Gaida is an umbrella term for bagpipes of southeastern Europe. There are two main types of gaida bagpipes found in Bulgaria; the kaba gaida for lower pitches and the dzhura gaida for higher pitches. The gaida originated in the Balkans sometime before 1892.
Russia’s garmon is a type of button accordion that became the first Russian-made accordion in the 1930s. The garmon includes two lines of buttons (25) on the right-hand side and three rows of buttons (26) on the left-hand side.
The guitar is a six-stringed instrument played by pressing the strings down against the fretboard and strumming or plucking. Guitars date back to the 12th century or earlier – they even appeared in the famous Babylonian murals. The modern guitar came about in Spain in the 16th century and has remained the country’s national instrument to this day.
Montenegro’s national instrument, the gusle, is a small, single-string, lute-like instrument. Interestingly, a musician plays it without pressing the string back. While nobody knows where the gusle originated from, people concur that it appeared around the 6th century when either the Slavs or Arabs brought it to the Balkans.
The hammered dulcimer is very similar to Hungary’s cimbalom. It is a stringed percussion instrument played with small, spoon-shaped mallets. The hammered dulcimer became popular in the middle ages. Still today, it is the national instrument of Poland.
The hardingfele is a fiddle with eight or nine strings and a thinner wooden body than violins. It originated in Norway around 1651 and had a rounder, narrower look at the time. It has since evolved to be more violin-like.
Finland’s kantele is a chordophone in the zither family, commonly used for traditional folk music. It has two standard versions: the small kantele with 15 or fewer strings and the concert kantele with 40 strings.
Like the Finish kantele, the Latvian kokle is a Baltic box string zither. Since the 17th century, authors have written about the kokle, but archaeological evidence shows they’ve been around since at least the 13th century.
The lijerica was present in Croatia as far back as the 9th century. It is a small, rounded string instrument that looks like a lute, but people play it with a bow as they would a fiddle.
Italy’s national instrument, the Mandolin, is a member of the lute family that evolved in Italy in the 17th century. Today, many versions of the Mandolin exist, including electric varieties with eight, ten, and 12 strings.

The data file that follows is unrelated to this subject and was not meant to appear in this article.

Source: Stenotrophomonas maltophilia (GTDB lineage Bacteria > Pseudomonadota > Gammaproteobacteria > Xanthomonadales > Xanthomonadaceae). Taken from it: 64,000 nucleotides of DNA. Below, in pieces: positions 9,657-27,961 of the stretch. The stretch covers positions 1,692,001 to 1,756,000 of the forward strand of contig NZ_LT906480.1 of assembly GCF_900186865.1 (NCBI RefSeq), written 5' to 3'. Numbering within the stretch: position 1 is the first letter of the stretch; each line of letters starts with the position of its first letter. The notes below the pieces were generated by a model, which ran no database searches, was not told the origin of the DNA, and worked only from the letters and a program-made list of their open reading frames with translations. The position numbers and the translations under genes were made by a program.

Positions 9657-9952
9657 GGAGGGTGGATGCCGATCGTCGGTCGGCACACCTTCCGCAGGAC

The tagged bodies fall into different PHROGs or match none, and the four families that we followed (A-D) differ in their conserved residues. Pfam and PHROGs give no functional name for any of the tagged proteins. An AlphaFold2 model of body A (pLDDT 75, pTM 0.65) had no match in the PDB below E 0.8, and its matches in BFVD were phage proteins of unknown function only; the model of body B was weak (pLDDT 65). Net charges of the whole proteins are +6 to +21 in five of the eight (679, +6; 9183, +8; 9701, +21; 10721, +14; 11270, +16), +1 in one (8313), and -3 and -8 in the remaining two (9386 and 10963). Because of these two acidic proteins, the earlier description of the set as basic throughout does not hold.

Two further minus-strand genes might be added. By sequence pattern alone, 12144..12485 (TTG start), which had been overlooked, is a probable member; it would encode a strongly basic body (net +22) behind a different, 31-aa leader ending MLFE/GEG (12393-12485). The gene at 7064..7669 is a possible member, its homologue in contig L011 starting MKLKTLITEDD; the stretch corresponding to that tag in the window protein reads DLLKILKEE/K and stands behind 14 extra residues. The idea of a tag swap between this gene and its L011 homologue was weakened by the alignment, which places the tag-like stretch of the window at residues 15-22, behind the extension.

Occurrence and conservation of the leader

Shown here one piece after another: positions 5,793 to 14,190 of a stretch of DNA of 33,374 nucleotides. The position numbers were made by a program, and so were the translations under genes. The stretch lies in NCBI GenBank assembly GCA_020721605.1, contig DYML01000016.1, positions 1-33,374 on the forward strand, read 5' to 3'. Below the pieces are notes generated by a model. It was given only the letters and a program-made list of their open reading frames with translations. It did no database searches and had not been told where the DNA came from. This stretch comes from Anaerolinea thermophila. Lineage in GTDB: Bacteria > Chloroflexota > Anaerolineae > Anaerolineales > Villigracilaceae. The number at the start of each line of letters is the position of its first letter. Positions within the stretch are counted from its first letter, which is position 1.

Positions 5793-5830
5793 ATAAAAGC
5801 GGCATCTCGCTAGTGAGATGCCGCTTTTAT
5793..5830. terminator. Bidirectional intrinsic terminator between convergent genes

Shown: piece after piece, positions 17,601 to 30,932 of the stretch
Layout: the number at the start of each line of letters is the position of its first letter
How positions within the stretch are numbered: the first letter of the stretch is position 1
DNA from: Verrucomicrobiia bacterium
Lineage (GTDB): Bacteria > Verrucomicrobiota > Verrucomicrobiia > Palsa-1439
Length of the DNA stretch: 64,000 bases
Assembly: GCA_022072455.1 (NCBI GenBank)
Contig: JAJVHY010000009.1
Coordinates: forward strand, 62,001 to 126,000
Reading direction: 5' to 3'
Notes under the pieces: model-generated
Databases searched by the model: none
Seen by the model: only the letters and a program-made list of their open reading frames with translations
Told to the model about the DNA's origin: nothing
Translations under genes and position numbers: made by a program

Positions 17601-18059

The indigenous peoples of Armenia created the parnyia dudki. It is a double-reeded instrument, usually played in pairs to create the desired song as the parnyia dudki does not have any fingering holes. It is the national instrument of Belarus.
The 12-string Portuguese guitar is an iconic instrument with Preston tuners and a round, lute-like body. It evolved from the Medieval citole in the 13th century and is heavily associated with the Fado genre of music.
The rakkopilli is a bagpipe instrument that does not have a drone. The drone is what produces harmonic sounds in addition to the chanter. The rakkopilli originated in the Voltic region and remains Estonia’s national instrument.
Sac de Gemecs
The sac de gemecs originated in the Middle East. It is a small bladder pipe with three drones and is the national instrument of Andorra. The sac de gemecs has roots in Andorran folklore.
The 7-stringed saz, also known as the bağlama, is a standard instrument in Turkish folk and classical music. There are many variations of the saz that differ by name, size, and play style, depending on the region.
The schäferpfeife is a two-drone German bagpipe that evolved in the 16th century from the single-drone bagpipe in the middle ages. Unusually the drones face forward rather than back. It is no longer a common instrument but remains alive as Belgium’s national instrument.
Macedonia’s šupelka is a traditional woodwind instrument with a two-octave scale. It is pretty small, between 240 and 350mm. It likely evolved from the Arabic gasba.
The tamburica is a family of long-necked lutes from before the Byzantine Empire, brought to Bosnia and Herzegovina by the Turks. People play it in the same manner as the Mandolin.
As yet another version of bagpipes, the Uilleann Pipes are the national instrument of Ireland. These pipes evolved from the Scottish Lowland bagpipes in the 18th century. The pipes have small bellows to regulate the sound.
The waldzither is a mandolin-like instrument with zither influences that originated in Thuringia around 1900 and has since become the national instrument of Germany. It has nine strings and comes in a variety of tunings.